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By Renee Morad

When Emilie Aries was working as the Rhode Island state director for Organizing for America about six years ago, she experienced a period of fatigue, lack of motivation and a decrease in productivity. She felt fortunate to have a job she loved, but she felt like she was working around the clock and could never complete everything on her to-do list.

At first, she shrugged the feelings off as the winter blues due to the cold, sunlight-scarce days in the Northeast. She continued to trudge along until her burnout became all-encompassing. “One day it just hit me. I thought to myself, ‘Wow, I’m exhausted. I’m tired of feeling so tired,’” Aries, 31, recounted. “I felt like I was martyr to my own career, and I knew the way I was working wasn’t working for a sustainable path forward.”

This burnout, which started as the simple winter blues, eventually led Aries to quit her job and move to Washington, D.C. for a new career opportunity. While Aries’ case is extreme, it's not uncommon for people to find themselves with a mild and short-term case of the winter blues, which is when people find themselves feeling a bit down, tired or less productive due to the shorter and colder days.

Some people might feel down about stressful holidays or the absence of loved ones, while others might feel disappointment over the festivities ending. The winter blues, which is a general condition and not a medical diagnosis, can bring on symptoms that range from fatigue and a lack of motivation to a decrease in self-confidence and a sense of loneliness.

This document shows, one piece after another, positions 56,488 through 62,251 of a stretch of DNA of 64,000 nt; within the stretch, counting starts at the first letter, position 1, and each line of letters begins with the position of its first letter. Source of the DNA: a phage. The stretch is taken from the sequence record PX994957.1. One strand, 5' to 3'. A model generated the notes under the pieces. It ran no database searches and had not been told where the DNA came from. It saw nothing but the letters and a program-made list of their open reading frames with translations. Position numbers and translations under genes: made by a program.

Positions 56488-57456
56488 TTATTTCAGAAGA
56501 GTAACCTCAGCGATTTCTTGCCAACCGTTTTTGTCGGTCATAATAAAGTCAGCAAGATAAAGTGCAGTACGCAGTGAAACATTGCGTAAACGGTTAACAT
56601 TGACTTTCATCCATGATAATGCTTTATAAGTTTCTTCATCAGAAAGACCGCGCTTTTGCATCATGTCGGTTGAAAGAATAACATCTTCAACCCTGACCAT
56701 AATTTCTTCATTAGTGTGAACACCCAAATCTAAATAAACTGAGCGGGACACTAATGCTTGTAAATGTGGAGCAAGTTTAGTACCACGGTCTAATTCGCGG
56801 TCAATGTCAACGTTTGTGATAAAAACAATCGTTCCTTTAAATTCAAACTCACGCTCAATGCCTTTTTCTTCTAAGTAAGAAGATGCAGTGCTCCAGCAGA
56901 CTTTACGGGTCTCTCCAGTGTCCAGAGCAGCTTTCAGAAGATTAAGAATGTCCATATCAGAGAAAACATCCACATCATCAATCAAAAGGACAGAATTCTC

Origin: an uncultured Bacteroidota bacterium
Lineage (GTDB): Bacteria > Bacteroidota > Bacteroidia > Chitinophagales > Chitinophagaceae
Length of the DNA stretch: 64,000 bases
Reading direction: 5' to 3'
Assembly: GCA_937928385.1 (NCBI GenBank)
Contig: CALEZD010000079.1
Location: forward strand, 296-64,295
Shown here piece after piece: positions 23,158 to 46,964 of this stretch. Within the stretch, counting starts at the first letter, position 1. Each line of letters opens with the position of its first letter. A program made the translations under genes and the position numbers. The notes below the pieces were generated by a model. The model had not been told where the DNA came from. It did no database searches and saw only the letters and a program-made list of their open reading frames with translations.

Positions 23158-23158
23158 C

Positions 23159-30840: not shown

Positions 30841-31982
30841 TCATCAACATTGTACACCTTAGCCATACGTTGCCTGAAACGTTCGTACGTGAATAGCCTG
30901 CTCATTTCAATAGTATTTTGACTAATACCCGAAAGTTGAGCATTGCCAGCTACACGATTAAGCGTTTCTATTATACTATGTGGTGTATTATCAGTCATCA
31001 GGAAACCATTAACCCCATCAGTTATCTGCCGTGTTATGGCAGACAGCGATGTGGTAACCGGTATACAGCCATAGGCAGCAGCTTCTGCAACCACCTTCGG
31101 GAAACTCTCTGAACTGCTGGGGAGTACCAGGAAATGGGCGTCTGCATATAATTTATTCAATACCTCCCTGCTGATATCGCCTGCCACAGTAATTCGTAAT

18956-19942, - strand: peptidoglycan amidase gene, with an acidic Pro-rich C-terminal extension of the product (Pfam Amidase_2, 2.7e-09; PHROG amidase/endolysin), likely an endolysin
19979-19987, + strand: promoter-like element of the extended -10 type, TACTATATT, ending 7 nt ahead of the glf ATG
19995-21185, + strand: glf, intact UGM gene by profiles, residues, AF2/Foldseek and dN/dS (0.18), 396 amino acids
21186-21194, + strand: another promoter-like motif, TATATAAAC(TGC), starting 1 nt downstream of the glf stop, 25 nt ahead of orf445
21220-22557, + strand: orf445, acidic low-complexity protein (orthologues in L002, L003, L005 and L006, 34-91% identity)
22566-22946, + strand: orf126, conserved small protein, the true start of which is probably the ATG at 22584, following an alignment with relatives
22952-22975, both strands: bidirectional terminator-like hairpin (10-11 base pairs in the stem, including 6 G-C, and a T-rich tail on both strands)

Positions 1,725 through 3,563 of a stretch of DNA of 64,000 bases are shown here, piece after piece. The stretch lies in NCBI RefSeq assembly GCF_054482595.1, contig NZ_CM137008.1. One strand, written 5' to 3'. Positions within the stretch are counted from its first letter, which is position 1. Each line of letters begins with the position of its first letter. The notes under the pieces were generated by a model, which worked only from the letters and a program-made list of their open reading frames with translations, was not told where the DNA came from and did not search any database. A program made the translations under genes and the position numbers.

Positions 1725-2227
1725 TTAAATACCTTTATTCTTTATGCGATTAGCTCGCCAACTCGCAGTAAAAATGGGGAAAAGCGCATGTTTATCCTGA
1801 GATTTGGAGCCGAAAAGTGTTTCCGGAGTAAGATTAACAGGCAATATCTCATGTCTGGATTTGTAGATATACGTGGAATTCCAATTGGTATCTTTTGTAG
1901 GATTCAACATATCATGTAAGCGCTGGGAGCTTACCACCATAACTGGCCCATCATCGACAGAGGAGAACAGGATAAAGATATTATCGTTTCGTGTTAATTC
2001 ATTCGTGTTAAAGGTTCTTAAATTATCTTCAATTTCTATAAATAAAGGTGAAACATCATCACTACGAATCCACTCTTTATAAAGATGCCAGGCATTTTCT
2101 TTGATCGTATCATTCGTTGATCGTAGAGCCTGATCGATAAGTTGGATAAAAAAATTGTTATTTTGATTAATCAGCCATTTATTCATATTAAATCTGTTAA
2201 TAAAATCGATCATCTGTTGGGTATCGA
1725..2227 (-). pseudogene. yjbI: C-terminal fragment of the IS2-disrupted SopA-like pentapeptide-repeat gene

“The winter blues are real,” said James Campbell Quick, Ph.D., a professor at the University of Texas at Arlington. “We feel somewhat down, and it’s a result of a combination of seasonal factors like cold, rainy, cloudy or snowy days. We’re also not outdoors as much and this becomes a drain on our energy levels.”

A more serious condition called seasonal affective disorder, or SAD, is a well-defined clinical diagnosis linked to the shortening of daylight hours. It affects about 5 percent of Americans and is more common among women than men. This form of depression follows a regular pattern, starting around the fall or winter and ending a few months later. It can lead to feelings of hopelessness and irritability and a desire to withdraw. If you suspect you’re dealing with SAD, reach out to your primary care provider or psychologist for professional advice.

Whether you’re experiencing a mild case of the winter blues or something that’s potentially more serious, there are a number of simple things you can incorporate into your work day to help combat feelings of despair.

Name your feelings

“When you’re feeling down, burned out or disengaged, name it,” said Aries, who is now the founder of a national network called Bossed Up, based in Denver and most active in Washington, D.C., New York and Los Angeles , which provides seminars, podcasts, online courses and workshops centered around building a sustainable career. “Acknowledge that it’s real and tell someone about it, whether in the form of a professional therapist or a friend.” She added, “Just naming it could detach it from your own identity in a way that helps you tackle it in a proactive way.”

Resist the urge to hibernate

“Loneliness is one of the biggest contributors to burnout, and there’s no substitute for face time with the people you care about,” Aries said. She believes that resisting the urge to hibernate by dragging yourself to the local pub for trivia night or meeting a friend for dinner could help combat the winter blues.